This post is part of The 30 Day Anime Challenge Series alongside the Cosmic Anvil Kickstarter campaign. Click here to read the introduction, and click here to check out and support the campaign to help us fund the printing and distribution of our first collected volume of our manga-inspired comic series, Age of Revolution.
[SPOILER ALERT: There will be spoilers about certain anime in this post!]
Most of the anime I have seen have all had really interesting and evil villains in them so it’s hard to pick the best one, but I think I am going to have to go with Shou Tucker from Full Metal Alchemist: Brotherhood. Whilst he never actually killed anyone [SPOILER ALERT] he did use alchemy to turn his own daughter and their dog into a talking chimera – which is pretty awful! I was genuinely shocked and upset at his ability to be able to harm them. This is also after he did the same thing to his own wife and that chimera only said, “Kill me”, and refused to eat – basically committing suicide after it couldn’t deal with the pain and suffering of what he’d turned her into.
Honorable mentions: Lucy (Elfen Lied), Light Yagami (Death Note) and ALL the Titans (Attack On Titan).
This may seem like an obvious choice, but I have go with Light Yagami from Death Note for my favourite anime villain. There’s plenty of big, bad villains out there in the world of anime to choose from, but what makes Light particularly interesting for me is the fact that he is the protagonist of the story – a role traditionally played by the hero, not the hero’s nemesis.
Just by seeing the story through Light’s eyes, your opinion of him is constantly coloured by his perspective. Despite his actions as a sociopathic megalomaniac are completely psychotic and morally reprehensible, you also find yourself kind of willing him to not get caught so you can see just how far the story will be pushed. The tension you feel each time Light finds himself cornered is ridiculously compelling, and unlike most Shonen anime – which relies on brawn rather than brain and an assured victory for the hero nearly every time – Death Note’s battles of wits and magic keep you genuinely guessing who will be left alive by the end.
Conversely, you also find yourself rooting for his opponent – the eccentric detective known only as ‘L’, which heightens the tension even more. Whenever these two are in a room together, the thrill of watching them verbally – and occasionally physically – dance around each other is akin to that of Sherlock and Moriaty.
I always think that the strength of a hero can be measured by the strength of their villain, and Light and L are definitely two sides of the same brilliant coin, and Death Note one of the greatest crime thrillers in modern fiction.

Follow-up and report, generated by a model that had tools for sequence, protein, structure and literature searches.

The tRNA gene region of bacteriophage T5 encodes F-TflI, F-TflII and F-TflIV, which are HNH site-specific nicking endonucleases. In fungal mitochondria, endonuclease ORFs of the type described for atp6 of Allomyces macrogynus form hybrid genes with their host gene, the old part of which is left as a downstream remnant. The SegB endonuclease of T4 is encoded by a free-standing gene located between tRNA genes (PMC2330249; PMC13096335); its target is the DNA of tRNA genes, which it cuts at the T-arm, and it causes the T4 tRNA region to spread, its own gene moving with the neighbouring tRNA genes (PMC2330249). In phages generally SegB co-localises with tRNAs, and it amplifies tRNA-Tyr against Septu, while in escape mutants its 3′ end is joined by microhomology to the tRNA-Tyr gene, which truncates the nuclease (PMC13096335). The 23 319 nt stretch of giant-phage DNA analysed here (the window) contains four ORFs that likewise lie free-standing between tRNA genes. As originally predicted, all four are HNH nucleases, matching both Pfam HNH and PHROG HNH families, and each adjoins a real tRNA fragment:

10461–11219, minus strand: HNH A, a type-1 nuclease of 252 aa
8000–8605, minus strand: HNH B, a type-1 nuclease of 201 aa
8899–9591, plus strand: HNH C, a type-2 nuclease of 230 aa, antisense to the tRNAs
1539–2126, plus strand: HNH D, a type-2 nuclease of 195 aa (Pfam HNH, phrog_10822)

Honourable mentions: Lust, Envy, Shou Tucker and Father (Full Metal Alchemist & Brotherhood), Medusa (Soul Eater), Vicious (Cowboy Bebop), The Earl (D.Gray-Man), Siegfried (Sacred Blacksmith), Gendo Ikari (Neon Genesis Evangelion), The Puppet Master (Ghost in the Shell).
A great villain for me has to be many things: they have to be evil (obvious, but true), they have to be powerful, and they have to be perfectly matched to their protagonist counterpart; and as much as you hate them, you also have to love them. But, a truly great villain for me must also have a huge impact on the story that they star in, and it’s for these reasons that my favourite villain is Frieza from the Dragon Ball franchise.
Friza is powerful and likes to let you know that he is. His power is feared by many throughout the universe and during the lead up to Goku’s battle with Frieza, King Kai commands Goku not to fight Frieza as he will surely be killed because Frieza’s power enables him to destroy whole planets with just one blast.
Frieza isn’t alone in the planet destroyers club that is DBZ, but he still stands out. Frieza is regarded as one of the most, if not the most, important Dragon Ball villains. After all, it was Frieza who destroyed the Saiyan home world Planet Vegeta – the event that starts the whole Dragon Ball story as that was how Goku ended up on Earth. Frieza’s actions on Planet Namek were also the major catalyst for Goku’s Super Saiyan transformation, as after Frieza killed Krillin Goku’s rage and needed to be more powerful spilled over, resulting in one of the most iconic scenes in anime. Frieza himself started the trend of transformations as well:
He’s powerful, he’s iconic, and most importantly: he’s also pure evil to the core. He’s seeking the Dragon Balls to gain immortality and he was willing to do anything to get them. When faced against Goku he had met his match and was willing to do anything to beat him. He will do anything, and everything he does is for himself. The worst thing of all was when he was forgiven by Goku, who also gave him enough energy to escape the dying Planet Namek, Frieza chose to use that power to try and kill Goku again. This was when Goku launched his final attack and killed Frieza. Even when he was given a second chance he still chose to kill Goku, proving that his hatred for the Saiyan race and Goku burns stronger than his need for survival.
Yet you also can’t help but like him: he’s so devilishly evil that he almost becomes a cartoonish villain in the Disney mold of Scar (Lion King) or Jafar (Aladdin). He’s so well liked that Akira Toriyama (Dragon Ball‘s creator) brought him back in the most resent film, and with a new form. It’s also rumored that Toriyama was going to bring Frieza back after the Cell saga, but was advised by his editors not to. Frieza’s cool, powerful, and fabulous. What more do you want from a villain?
Written by The Cosmic Anvil Team.
Check out our own Welsh-manga (or ‘Wanga’) series, AGE OF REVOLUTION on our official site and Comixology! And if you want to join the fight to get the AGE OF REVOLUTION Volume printed check out our Kickstarter page!